Similarly, in the "Innovate" stage, the Australian National Maritime Museum released its 2021 "Innovate" RAP, outlining its previous efforts in deepening understanding of indigenous maritime cultural heritage through curation, collection research, and cultural program initiatives. As a recent example, the museum launched a series of exhibitions and dedicated collection projects in response to the National Reconciliation Week in 2023, with a special exhibition entitled Shaped by the Sea focusing on the unique relationship between Australia's continent and surrounding oceans. Drawing on both scientific and indigenous perspectives, the exhibition comprehensively harmonizes people’s understanding of this ancient continent. During this stage, the museum also published Signals, inviting indigenous staff members, cultural workers, and external contributors to share their research and explorations of indigenous maritime cultural heritage.
Australian National Maritime Museum is one of the important buildings in Australian’s maritime cultural heritages, with a series collection of artworks and exhibits about navigation, coast, Navy, and maritime culture. Photo credit: Bernard Spragg, marked with CC0 1.0.
As one of the top national museums, the Australian Museum has progressed to the "Stretch" stage of its RAP. It shared its achievements and significant insights from the "Innovate" stage, which included involving indigenous staff members in the planning process, providing training to all staff members, participating in the National Reconciliation Week, and offering professional education and employment resources to indigenous staff members, cultural workers, and individuals. Moving into a more advanced phase, the Australian Museum plans to integrate reconciliation measures into its long-term operational strategy during the "Stretch" stage, take monitoring and reporting of action outcomes to the next level, and align its policies and procedures with the current industry guidelines proposed by the Australian Museums and Galleries Association.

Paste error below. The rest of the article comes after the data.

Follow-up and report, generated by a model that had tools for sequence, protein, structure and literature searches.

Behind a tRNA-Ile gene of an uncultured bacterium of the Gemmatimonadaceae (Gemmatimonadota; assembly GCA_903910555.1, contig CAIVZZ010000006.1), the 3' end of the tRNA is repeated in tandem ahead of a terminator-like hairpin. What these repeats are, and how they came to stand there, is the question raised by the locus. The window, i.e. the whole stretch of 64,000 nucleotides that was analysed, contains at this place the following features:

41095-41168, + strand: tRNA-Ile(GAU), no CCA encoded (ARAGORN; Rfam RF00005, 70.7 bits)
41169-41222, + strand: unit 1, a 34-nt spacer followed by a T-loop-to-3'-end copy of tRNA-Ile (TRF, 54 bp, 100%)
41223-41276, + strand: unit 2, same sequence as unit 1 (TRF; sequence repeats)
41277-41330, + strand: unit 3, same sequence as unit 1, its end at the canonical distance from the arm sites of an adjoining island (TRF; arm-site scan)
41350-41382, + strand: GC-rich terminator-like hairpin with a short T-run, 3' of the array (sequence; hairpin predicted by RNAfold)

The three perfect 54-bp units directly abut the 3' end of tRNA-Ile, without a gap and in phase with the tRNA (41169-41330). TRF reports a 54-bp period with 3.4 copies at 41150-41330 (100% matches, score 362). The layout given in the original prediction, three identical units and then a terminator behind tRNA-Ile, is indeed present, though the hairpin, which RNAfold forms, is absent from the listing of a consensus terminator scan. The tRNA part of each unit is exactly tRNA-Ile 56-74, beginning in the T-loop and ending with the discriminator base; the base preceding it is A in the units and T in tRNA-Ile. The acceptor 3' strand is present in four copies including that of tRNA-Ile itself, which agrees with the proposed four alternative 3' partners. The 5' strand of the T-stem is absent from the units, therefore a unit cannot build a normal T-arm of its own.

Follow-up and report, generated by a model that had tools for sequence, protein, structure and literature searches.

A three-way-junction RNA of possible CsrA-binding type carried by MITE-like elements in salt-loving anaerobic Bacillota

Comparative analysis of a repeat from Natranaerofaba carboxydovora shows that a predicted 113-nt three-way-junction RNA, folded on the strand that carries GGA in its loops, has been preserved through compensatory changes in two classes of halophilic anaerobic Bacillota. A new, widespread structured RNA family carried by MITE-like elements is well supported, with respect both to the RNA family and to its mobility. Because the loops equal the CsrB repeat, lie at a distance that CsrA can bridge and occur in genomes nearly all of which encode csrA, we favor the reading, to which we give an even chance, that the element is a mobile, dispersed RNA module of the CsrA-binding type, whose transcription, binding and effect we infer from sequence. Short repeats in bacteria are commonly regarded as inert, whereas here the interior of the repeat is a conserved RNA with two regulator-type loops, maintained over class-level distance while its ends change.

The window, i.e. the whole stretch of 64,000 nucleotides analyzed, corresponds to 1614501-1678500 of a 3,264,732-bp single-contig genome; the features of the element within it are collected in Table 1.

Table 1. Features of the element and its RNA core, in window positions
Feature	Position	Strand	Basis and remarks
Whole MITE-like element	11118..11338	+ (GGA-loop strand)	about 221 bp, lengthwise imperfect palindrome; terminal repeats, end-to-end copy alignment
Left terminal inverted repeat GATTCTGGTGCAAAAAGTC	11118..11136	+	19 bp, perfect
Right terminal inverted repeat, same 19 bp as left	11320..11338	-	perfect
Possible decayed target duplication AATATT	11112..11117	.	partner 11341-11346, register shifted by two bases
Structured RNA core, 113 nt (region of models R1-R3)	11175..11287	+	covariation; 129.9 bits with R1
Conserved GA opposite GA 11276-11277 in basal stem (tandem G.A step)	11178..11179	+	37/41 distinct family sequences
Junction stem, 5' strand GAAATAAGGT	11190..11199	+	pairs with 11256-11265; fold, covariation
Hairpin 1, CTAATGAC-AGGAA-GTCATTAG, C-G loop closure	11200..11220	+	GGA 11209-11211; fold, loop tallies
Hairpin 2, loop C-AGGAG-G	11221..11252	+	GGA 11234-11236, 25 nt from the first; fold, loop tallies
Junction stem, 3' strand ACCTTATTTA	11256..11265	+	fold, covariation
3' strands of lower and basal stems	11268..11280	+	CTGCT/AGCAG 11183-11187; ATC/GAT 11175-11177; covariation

Barka: The Forgotten River, the recent exhibition in Australian Museum, articulates the story and the present difficulties of the third-longest river, Barka (Darling River). The exhibition calls for people’s awareness of the importance to understand and maintain the relationship between people and river source. Photo credit: Tim J Keegan, licensed under CC BY-SA 2.0.
When we look back on the historical traumas and memories, achieving interethnic reconciliation and mutual understanding between groups may be a long-term endeavor rather than a few years’ efforts. Still, it remains imperative for individuals to confront difficult historical legacies and take actions. In the pursuit of reconciliation, a systematic and pragmatic framework is key. This new framework also should offer guidance to organizations and integrate their actions towards a common practice for reconciliation.
 For the definition of indigenous peoples, please refer to the definition provided by the United Nations.
 In the decision-making processes that impact indigenous affairs, their own voices are often excluded or inadequately represented. This is particularly evident in projects affecting their lands, where the legislative and administrative measures are established without consulting or incorporating their opinions. As a result, indigenous peoples have frequently been displaced from their ancestral lands due to reasons such as the exploitation of natural resources. For more information, please visit here.
 For more information about MoAD “Innovate” RAP (2023-2025), please visit here.
 For more information about Australian National Maritime Museum “Innovate” RAP (2023-2025), please visit here.
 Held annually from May 27th to June 3rd, National Reconciliation Week in Australia commemorates significant events in Australian history. On May 27th, the anniversary of the 1967 national referendum, Australians voted to remove discriminatory laws from the Australian Constitution that targeted Aboriginal and Torres Strait Islander Peoples. June 3rd marks the anniversary of the High Court's Mabo decision in 1992, which recognized that Aboriginal and Torres Strait Islander Peoples have inherent rights to land despite British colonial rule. Throughout Australia, various locations, schools, educational institutions, universities, local councils, and community groups participate in commemorative events during National Reconciliation Week.
 For more information about NMA Stretch 2022 – 2025, please visit here.